Last night David and I attended a concert at the Maison de Radio France. David had purchased tickets months ago, securing seats in the first balcony of the magnificent renovated Auditorium, reopened on November 14, 2014. Architecture combined with aesthetics to render acoustics astonishingly clear. After a short walk from where we stay when in Paris, we arrived on a balmy December night to join others in the reassuring Security lines in front of the main entrance. Soon seated in the second row from the front, we, like everyone in the auditorium, enjoyed unobstructed views.
The large orchestra sits on a platform in the center of the room. Walls are swathed in wood. Tiers of seats on the surrounding balconies are covered in materials that help absorb sound waves, allowing the soft resonance of the instruments to reach the suspended microphones that transmit the concerts to listeners at home as well as to the eager ears of the audience.
The woman who played first violin entered, followed by the Director of Orchestre National de France, forty-year old wonder Andres Orozco-Estrada, conducting. The gilded harp, eight bass violins, 10 cellos, a bass trombone, and other brass, strings and percussion instruments had already claimed their places along with musicians who easily carried their instruments. The overture to Leonard Bernstein’s Candide exploded into the space. We sat spellbound through its brief six minutes.
A full orchestral rendition of George Gershwin’s An American in Paris enchanted us. David and I both had images of Robert Fairchild holding us mesmerized as he danced across the Broadway stage of the recently opened musical adaptation. Later we had gasped as he interpreted Christopher Wheeldon’s adaptation of Rhapsody in Blue – American Rhapsody – but the Gershwin score had never sounded as rich, as grand, as astonishing as it did last night. Darius Mlhaud’s Le Boeuf sur Toit, opus 58, with its Latin American beats played on wooden instruments followed, then an intermission.
By that time, our attention had been drawn to a few specific musicians whose energy seemed extraordinary. Their love of their instruments and for their music radiated from them, two of them quite still and contained in style, two others almost dancing in their seats as they played, The woman on First Violin. The man who played the cello. The man on what seemed to be some kind of extended oboe reverberated elegance, from his snow white hair to his patent leather shoes, his cuff-links glittering as they peeked through the sleeves of his coattail tuxedo. His white tie was knotted into a perfect bow. The woman on the first oboe played her heart out, especially during some wonderful solos, her enthusiasm and joy radiating through the notes.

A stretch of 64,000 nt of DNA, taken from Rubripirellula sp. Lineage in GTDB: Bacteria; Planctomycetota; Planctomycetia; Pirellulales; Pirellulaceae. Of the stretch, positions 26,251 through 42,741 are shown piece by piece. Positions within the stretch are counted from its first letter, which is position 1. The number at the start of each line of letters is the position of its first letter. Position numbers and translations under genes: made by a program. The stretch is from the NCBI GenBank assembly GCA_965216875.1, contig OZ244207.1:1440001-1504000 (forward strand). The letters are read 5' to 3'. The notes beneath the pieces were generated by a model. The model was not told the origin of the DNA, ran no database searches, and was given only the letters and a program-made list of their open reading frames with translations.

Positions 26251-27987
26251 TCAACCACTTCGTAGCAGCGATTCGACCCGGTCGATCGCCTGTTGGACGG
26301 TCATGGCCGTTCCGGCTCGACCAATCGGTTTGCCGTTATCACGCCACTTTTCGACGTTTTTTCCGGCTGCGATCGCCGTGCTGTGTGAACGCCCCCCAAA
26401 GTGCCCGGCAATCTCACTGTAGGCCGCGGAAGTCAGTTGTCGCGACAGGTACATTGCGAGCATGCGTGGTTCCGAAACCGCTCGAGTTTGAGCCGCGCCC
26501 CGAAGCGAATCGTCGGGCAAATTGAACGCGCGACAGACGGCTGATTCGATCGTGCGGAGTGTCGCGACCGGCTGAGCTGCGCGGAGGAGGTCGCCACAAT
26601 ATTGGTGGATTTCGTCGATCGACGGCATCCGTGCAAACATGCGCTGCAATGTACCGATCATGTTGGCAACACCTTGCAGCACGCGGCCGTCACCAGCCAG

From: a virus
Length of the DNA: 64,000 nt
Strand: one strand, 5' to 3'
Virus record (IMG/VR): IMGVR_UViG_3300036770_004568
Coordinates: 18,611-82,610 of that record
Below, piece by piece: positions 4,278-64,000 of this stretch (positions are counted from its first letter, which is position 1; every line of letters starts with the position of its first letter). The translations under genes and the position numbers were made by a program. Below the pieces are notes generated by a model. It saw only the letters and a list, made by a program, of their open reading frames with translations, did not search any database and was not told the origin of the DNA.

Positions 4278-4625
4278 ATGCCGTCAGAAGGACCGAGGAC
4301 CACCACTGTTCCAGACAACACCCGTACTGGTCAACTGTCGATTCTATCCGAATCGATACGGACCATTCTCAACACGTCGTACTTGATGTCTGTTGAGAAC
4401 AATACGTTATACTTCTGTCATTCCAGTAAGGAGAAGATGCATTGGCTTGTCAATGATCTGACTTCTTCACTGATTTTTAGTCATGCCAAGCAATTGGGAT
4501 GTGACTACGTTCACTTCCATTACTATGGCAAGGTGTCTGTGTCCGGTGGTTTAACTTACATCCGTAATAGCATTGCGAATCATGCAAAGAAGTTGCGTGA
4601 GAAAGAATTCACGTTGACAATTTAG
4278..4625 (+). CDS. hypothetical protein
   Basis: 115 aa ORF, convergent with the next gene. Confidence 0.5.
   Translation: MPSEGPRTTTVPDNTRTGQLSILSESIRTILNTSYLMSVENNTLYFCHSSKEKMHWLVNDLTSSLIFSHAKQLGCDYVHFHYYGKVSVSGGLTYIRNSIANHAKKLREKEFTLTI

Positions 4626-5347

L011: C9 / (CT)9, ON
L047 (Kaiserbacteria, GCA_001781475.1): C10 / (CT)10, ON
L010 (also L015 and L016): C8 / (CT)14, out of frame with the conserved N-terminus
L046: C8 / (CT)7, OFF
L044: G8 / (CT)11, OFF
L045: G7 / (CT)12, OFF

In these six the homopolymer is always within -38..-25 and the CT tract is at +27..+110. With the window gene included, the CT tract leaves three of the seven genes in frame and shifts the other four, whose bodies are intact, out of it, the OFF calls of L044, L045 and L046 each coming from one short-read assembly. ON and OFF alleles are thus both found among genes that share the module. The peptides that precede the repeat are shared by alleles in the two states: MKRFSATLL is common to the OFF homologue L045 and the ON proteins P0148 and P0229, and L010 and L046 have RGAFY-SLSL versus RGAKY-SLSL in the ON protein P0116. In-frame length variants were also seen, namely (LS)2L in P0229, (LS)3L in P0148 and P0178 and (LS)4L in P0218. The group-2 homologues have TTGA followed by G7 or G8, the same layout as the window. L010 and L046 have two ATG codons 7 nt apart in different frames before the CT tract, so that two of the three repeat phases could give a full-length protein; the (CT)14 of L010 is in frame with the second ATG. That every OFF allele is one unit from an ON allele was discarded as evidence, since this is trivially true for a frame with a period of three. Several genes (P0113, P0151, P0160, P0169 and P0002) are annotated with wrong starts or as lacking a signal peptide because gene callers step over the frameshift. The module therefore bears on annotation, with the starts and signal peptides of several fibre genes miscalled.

There were others. The percussionist who switched between Brazilian beats tapped on wooden instruments and kettle drums when, following the intermission, Dvorak’s Symphony No. 9 in E Minor – New World Symphony – held us enraptured throughout its 43 minutes (“approximately”, according to the program).
Ovations followed. The audience insisted that the musicians accept their appreciation. The Conductor asked the orchestra to turn in all directions in order to face all the appreciative fans. We left the Auditorium of the newly renovated building filled with the beauty of the music, the performers, and the feelings that had been created within those of us who were present.
Why does music exist? What a blessing to be able to create such magnificent sounds – first alone, in a relationship to an instrument that produces it, but then together with other musicians. The cooperation, coordination, sheer magnificence of creating a whole so much bigger than its parts, left us both in awe. What a joy to be part of bringing others such beauty – the gift of music that touches the heart, the soul, the imagination. Invisible, but oh, so real. Love is indeed Real.